The Internet has given us a lot of gifts including jobs, information, and conveniences. However, arguably, the biggest gift the Internet has given us is the ability to communicate over great distances. Today, even if you and your loved one are on opposite sides of the world due to a deployment or otherwise, you can easily communicate via email, Skype, social media, and many other platforms. This is great news for the many children and their mothers that will be separated from one another this Mother’s Day. In addition to being able to speak with and possibly even see mom on Mother’s Day, thanks to the explosion of ecommerce sites and communication abilities, you can even send her that perfect gift. Here are just a few ideas….
Spa Packages – According to a Forbes article entitled “What Mom’s Really Want for Mother’s Day”, most women (48%) want a spa day for Mother’s Day (Bourne, 2012). Just because mom is in another state or even in another country doesn’t mean you can’t pay for a day of relaxation on her behalf. A quick Google search can help you find highly rated spas in mom’s area; pick a spa and then browse their website for electronic gift cards (gift cards sent via email). If you can’t find that, call the spa and ask if you can prepay for a package. If you can’t quiet afford to send mom to the spa, you can always send her a spa inspired gift basket such as this Lavender Relaxation Bath and Body Spa Basket for $29.99.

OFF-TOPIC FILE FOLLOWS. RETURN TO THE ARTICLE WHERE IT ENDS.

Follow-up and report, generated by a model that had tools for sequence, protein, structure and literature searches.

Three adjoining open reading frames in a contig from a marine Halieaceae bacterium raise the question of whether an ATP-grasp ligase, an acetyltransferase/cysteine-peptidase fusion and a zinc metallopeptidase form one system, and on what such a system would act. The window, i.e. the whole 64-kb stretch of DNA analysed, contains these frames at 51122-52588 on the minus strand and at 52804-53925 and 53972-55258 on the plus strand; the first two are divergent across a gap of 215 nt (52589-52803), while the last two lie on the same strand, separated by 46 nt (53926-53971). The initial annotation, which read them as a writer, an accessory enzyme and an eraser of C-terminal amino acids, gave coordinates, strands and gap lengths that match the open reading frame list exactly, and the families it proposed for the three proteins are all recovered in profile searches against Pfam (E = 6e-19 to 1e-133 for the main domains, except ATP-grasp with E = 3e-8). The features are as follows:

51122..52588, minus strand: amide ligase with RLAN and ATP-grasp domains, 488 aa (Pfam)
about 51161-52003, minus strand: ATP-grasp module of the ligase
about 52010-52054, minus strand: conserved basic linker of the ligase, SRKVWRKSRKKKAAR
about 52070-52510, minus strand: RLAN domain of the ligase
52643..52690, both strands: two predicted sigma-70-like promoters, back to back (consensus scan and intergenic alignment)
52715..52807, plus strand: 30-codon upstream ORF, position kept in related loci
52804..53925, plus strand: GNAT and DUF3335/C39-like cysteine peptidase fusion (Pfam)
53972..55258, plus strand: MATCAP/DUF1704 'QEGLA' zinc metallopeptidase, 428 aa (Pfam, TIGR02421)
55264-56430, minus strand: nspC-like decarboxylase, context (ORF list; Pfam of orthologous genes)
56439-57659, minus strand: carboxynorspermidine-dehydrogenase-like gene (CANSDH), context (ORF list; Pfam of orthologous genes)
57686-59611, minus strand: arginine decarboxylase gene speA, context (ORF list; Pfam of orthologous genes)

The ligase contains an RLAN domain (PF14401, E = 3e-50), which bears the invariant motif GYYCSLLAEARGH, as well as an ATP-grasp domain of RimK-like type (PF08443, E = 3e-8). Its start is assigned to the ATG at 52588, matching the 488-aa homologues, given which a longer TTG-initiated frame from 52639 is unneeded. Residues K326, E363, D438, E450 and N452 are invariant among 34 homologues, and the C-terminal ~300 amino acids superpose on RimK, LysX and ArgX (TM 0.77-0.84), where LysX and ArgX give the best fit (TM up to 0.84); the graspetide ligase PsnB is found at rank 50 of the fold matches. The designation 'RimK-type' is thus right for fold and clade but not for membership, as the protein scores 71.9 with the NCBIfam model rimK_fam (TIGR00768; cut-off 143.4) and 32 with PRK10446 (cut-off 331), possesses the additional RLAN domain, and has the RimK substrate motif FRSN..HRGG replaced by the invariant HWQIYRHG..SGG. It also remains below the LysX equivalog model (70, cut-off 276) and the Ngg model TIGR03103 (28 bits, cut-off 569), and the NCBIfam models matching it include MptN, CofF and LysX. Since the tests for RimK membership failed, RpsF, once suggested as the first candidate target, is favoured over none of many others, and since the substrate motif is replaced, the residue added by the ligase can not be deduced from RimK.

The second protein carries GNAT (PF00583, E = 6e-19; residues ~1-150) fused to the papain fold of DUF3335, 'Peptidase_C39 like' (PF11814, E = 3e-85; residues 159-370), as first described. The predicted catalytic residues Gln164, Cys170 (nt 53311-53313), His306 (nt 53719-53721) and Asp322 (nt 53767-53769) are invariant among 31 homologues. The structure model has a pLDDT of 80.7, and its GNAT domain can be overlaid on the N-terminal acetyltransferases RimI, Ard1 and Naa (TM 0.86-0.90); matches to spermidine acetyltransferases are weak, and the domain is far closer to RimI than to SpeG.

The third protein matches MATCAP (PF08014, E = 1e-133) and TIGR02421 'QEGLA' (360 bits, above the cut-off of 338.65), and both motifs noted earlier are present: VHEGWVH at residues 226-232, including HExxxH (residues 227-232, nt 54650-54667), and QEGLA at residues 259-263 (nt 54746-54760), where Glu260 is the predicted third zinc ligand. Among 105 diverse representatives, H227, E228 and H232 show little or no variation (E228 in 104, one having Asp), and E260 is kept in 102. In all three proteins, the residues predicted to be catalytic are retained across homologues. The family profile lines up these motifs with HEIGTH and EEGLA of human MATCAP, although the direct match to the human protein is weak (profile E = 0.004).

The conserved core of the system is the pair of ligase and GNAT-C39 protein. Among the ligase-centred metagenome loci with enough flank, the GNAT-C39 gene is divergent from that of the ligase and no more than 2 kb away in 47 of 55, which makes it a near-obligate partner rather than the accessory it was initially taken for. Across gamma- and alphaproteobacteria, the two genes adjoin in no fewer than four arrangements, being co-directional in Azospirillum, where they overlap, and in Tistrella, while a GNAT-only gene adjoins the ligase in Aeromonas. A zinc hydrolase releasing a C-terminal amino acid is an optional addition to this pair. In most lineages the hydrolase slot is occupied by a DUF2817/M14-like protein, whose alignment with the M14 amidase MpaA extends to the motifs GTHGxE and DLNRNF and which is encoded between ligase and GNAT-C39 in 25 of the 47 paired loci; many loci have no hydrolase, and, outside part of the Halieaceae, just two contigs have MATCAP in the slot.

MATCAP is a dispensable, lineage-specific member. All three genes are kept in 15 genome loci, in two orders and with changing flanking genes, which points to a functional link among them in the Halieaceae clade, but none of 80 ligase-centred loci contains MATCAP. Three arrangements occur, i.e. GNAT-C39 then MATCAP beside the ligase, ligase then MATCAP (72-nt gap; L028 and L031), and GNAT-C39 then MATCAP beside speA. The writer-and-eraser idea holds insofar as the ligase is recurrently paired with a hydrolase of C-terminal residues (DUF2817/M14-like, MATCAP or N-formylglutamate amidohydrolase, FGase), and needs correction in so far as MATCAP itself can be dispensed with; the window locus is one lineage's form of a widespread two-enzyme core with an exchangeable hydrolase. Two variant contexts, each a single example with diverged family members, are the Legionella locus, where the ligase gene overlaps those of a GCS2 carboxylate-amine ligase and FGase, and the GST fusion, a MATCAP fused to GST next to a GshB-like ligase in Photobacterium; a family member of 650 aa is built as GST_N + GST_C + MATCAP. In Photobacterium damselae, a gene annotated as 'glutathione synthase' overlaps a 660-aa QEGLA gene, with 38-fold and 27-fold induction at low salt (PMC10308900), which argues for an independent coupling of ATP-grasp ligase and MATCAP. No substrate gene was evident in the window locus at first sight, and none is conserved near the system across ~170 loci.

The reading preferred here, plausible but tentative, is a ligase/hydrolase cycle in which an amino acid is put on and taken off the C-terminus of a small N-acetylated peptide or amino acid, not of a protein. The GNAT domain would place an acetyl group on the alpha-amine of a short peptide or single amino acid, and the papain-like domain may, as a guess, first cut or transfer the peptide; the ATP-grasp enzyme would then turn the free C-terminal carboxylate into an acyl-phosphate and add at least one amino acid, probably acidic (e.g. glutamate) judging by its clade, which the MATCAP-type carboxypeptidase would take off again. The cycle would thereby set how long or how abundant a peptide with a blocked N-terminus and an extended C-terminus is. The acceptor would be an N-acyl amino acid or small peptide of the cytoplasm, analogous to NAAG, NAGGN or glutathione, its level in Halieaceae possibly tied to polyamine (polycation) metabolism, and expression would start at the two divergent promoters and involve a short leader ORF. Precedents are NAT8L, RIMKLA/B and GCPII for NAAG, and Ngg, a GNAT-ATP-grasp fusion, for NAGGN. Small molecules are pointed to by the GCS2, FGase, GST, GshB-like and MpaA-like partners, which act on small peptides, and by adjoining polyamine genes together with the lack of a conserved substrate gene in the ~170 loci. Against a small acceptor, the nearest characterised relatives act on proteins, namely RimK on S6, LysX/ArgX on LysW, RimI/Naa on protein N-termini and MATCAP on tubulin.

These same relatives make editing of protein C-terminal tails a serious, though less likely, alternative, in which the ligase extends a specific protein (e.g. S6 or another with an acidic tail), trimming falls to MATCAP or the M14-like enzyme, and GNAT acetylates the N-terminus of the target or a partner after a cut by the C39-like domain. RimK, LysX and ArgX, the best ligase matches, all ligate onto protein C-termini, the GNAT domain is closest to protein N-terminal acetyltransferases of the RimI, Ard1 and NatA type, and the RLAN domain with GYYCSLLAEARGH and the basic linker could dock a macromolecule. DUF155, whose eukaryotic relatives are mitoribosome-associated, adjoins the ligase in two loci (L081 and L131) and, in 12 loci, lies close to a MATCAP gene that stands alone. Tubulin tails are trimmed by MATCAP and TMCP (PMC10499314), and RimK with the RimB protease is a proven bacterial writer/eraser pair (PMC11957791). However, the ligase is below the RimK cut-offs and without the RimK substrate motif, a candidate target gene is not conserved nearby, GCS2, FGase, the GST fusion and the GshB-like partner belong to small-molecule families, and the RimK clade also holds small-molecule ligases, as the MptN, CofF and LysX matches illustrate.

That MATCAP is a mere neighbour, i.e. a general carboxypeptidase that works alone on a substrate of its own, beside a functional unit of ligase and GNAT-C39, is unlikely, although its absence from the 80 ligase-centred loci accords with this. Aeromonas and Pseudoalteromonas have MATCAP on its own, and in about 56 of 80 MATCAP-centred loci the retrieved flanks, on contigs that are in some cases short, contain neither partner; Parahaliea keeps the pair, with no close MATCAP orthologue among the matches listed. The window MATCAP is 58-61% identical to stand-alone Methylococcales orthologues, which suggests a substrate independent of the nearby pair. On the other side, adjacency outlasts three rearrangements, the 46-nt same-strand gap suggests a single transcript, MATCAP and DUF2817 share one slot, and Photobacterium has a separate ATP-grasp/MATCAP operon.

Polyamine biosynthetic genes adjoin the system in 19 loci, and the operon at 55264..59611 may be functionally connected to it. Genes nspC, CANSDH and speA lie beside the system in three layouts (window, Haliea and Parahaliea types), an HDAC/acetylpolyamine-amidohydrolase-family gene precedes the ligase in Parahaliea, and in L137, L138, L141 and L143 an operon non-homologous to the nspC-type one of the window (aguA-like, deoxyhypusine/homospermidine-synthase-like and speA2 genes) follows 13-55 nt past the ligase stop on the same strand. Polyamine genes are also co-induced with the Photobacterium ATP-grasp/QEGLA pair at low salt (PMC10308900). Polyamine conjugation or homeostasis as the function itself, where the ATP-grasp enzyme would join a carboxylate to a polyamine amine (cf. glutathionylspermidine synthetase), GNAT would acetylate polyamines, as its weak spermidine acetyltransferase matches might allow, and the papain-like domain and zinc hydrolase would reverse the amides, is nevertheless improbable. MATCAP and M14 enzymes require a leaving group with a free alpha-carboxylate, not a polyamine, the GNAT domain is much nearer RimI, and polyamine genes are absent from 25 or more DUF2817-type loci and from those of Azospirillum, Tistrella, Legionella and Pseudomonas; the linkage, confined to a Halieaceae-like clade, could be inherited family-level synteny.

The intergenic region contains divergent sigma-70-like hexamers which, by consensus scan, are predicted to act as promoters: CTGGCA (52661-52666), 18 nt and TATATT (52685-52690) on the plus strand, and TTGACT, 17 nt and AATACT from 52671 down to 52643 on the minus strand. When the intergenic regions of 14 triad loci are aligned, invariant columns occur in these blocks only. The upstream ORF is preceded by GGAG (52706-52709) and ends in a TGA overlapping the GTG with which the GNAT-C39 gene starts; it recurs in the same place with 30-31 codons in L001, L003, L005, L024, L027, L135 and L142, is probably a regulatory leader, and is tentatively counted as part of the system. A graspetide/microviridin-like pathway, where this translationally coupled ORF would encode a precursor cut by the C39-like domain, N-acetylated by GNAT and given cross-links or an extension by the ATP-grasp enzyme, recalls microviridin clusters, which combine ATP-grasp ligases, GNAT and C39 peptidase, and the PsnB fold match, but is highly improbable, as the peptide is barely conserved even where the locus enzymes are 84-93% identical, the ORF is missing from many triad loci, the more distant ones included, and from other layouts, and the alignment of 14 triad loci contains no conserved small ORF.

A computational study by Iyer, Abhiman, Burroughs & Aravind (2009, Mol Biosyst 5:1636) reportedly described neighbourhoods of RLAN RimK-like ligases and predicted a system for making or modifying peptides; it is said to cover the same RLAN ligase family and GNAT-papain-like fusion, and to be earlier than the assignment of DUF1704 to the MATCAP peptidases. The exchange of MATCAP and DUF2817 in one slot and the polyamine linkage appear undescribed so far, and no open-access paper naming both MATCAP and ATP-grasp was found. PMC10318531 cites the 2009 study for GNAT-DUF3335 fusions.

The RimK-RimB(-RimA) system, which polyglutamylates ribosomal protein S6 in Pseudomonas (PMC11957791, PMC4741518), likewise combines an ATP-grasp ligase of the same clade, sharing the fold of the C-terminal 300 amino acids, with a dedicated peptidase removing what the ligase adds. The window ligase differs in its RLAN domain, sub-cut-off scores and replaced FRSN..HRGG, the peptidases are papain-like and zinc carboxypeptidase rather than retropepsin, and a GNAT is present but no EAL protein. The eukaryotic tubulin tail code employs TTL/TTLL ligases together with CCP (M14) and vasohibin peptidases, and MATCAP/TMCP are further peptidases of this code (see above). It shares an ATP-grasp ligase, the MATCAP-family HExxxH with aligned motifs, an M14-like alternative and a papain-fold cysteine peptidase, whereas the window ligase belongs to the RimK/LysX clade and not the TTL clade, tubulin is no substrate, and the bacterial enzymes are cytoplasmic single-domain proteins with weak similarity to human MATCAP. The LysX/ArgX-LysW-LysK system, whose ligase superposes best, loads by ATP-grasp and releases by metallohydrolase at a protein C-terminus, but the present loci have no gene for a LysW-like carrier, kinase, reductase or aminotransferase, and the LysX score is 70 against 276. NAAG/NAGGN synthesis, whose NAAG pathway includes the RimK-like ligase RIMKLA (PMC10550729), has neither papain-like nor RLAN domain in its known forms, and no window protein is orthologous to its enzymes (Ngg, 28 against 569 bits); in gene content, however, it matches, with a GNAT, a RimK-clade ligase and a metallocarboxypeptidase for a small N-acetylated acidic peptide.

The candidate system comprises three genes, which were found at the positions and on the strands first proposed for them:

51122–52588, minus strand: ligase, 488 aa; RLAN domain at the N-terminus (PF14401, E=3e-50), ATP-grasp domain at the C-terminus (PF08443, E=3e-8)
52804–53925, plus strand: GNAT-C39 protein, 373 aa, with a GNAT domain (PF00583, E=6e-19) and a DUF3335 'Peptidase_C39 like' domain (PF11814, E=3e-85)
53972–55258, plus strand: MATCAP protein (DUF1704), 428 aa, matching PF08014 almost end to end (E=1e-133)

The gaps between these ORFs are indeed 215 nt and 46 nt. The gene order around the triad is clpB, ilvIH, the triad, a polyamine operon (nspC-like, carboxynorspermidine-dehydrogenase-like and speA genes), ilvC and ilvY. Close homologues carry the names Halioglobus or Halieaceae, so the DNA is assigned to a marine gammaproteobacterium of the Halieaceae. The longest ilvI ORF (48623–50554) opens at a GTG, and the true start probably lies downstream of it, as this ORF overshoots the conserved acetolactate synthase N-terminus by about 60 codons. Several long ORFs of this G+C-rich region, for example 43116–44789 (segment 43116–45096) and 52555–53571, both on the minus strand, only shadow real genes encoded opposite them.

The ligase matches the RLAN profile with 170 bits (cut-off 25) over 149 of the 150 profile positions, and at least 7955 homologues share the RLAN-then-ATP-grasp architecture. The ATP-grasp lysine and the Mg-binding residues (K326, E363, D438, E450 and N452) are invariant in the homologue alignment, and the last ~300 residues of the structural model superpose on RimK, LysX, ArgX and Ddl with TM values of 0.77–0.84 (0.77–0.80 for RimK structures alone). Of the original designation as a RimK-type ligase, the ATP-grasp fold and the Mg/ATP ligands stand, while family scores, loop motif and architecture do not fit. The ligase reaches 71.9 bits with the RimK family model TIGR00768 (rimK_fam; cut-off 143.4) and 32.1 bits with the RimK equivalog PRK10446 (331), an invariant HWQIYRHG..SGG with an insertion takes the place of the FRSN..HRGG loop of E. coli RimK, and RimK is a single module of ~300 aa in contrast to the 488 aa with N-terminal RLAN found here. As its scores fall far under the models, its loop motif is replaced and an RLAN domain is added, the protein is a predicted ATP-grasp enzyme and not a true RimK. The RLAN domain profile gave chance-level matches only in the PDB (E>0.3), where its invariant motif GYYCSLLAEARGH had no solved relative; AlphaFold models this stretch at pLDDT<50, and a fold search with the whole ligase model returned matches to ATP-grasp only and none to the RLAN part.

Flowers – The second most sought after Mother’s Day gift, according to the Forbes article mentioned above, is flowers with 38% of moms saying that was at the top of their Mother’s Day wish list (Bourne, 2012). Luckily, if this is what your mom wants, this one is super easy to secure no matter where mom is. You can contact local florists to order a beautiful bouquet; however, in order to save money and see exactly what you’re getting, you can try sites like Red Envelope. For example, you can get a stunning array of spring lilies for under $25!
Technology – Okay, believe it or not, 30% of the moms surveyed for the Forbes article said they wanted a smartphone or tablet for Mother’s Day (Bourne, 2012). If your mom is craving the latest high-tech gadget, oblige her this Mother’s Day. With ecommerce sites, its super easy to go online, customize a device, and have it delivered directly to mom. In addition, many sites will allow you to include a message with the gift.
In addition to sending mom some of the great gifts mentioned above, you can also send her something personal. For instance, a customized eCard or video greeting is sure to bring a smile to her face. You could also send her a picture slideshow full of photographs from the past and present.
Just because you can’t be with your mom on mother’s day doesn’t mean you can’t celebrate it with her and let her know just how special she is to you. Video platforms such as Skype and Google+ hangouts will allow you to see mom and watch her open her gift even though your thousands of miles apart.